How do I sit? You want to have a stable, comfortable posture. Some people sit on a meditation cushion with legs crossed, but many of us can’t sit comfortably like that. So you might take a relaxed, comfortable but alert, seated position with a straight spine and your feet flat on the floor. (You can also lie down if it’s more comfortable and you are able to stay alert that way.) Be alert but at ease, without holding tension in your body. Rest your hands in your lap in a way that feels comfortable. Close your eyes if you like, otherwise soften your gaze and look down at the floor.
How long should I meditate? Many people suggest starting small and meditating for only 5 minutes at first, then building up over time. The key is to develop consistency. Everything is possible once the habit is established. Start with two minutes a day if you need to.
What do I need to know? Remember that meditation is not about stopping the mind from thinking. The mind will wander off into thoughts over and over, and that’s perfectly normal. Remember, too, that you are learning to develop concentration; it doesn’t happen overnight. Be easy on your self, and know that it will become easier over time.
How do I meditate on my own? If you are not in a live class or using a guided meditation recording, one of the simplest ways to meditate is to use the breath as an anchor of attention. Here’s how:
Settle into your body, feel it sitting there, and begin paying attention to your breath. Keep breathing naturally, without effort.
Bring your attention to the breath coming into and out of your nose, or on the rising and falling of the abdomen. Whichever you choose, try to keep your attention there.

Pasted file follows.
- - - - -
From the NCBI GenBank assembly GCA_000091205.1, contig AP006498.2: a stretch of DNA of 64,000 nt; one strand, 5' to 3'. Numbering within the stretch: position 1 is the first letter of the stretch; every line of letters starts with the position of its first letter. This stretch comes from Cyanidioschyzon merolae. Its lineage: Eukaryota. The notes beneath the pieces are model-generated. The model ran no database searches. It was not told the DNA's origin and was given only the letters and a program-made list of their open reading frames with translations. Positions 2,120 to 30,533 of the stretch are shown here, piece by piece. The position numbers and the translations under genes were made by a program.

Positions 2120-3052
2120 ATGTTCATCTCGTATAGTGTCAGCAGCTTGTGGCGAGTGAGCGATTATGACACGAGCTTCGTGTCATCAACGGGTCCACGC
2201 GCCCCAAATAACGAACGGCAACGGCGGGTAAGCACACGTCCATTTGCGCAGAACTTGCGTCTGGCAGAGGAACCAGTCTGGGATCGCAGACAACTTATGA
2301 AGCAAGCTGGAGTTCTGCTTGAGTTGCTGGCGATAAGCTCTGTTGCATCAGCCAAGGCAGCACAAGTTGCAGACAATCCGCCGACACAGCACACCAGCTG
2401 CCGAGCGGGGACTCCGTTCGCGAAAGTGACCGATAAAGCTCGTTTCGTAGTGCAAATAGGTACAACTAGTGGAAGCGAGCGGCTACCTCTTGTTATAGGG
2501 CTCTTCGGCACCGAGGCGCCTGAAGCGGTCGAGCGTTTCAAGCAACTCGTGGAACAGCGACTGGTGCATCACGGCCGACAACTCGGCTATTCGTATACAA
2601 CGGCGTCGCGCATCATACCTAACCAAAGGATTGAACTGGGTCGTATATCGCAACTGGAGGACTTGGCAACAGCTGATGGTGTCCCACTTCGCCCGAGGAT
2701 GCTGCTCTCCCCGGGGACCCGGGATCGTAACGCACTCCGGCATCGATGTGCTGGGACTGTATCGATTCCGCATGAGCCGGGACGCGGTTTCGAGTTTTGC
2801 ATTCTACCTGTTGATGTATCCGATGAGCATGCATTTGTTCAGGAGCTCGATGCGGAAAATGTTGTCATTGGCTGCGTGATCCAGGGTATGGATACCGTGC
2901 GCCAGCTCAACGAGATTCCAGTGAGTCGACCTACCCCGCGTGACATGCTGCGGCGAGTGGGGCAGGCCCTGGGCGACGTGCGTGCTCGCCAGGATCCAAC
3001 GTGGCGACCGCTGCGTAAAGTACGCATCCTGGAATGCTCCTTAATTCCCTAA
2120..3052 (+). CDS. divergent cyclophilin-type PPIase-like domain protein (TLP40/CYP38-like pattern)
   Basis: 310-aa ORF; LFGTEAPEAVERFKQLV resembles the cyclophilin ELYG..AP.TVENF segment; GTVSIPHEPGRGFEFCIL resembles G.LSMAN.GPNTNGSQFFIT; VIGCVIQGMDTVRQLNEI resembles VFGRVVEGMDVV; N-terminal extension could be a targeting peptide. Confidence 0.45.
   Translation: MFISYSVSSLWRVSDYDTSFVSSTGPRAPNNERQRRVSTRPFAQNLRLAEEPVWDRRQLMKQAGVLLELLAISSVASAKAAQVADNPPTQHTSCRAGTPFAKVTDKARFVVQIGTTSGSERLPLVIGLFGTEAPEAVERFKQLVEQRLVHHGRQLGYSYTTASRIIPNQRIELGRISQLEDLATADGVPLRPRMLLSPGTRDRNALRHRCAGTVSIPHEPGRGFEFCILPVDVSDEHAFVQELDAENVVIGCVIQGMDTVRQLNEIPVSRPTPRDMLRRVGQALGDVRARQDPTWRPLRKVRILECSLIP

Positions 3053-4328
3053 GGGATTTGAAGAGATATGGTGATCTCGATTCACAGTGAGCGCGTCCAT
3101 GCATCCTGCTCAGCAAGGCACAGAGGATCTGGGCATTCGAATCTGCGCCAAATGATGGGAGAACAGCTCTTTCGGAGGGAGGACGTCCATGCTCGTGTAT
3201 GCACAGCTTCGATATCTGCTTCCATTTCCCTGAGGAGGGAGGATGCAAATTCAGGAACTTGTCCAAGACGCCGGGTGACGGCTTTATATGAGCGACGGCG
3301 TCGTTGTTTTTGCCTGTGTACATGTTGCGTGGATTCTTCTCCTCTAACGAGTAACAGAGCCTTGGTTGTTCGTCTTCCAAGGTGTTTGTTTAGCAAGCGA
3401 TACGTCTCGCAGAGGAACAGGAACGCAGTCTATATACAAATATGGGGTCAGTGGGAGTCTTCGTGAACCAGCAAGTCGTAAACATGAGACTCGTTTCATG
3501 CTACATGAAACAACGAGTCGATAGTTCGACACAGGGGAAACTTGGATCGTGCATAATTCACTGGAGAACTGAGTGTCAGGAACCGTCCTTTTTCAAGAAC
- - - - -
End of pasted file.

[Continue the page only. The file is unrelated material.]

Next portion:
Count your breaths to help anchor your attention. You might think “in one…out one…in two…out two” and so on. Or simply note “in…out…in…out”.
When the mind wanders, as it will, gently let go of the thinking and bring your attention back to the breath and begin counting again. Meditation is about beginning over and over.
Have the intention of being kind to yourself and not judging your ability to meditate. We are so often hard on ourselves, but that won’t help. Kindness is your friend here.
When you are done, open or focus your eyes, pay attention to how your body feels, and notice what thoughts come up. Congratulate yourself for these few moments of self-care.
You can return to these simple instructions again and again, but you will likely want to learn and experience more. We’d love to see you in our guided meditation classes on Ompractice. While the world is full of pre-recorded meditation, we believe people benefit from being seen and supported in the moment by an experienced teacher.
You might also want to find a local meditation community — meditating with others is a powerful way to build your practice. There are many forms and styles of meditation, and as your practice grows you may well want to investigate a number of them.
Take Your First Guided Meditation Class!
Our teachers love to help beginners develop a regular practice. Remember that your first objective is simply to develop a regular practice. Show up consistently and, over time, you will enjoy the many benefits of meditation.
We offer live online meditation classes most days on Ompractice. You can check out all of this week’s classes right here, but here are some you might want to start with (click an image to sign up for that class):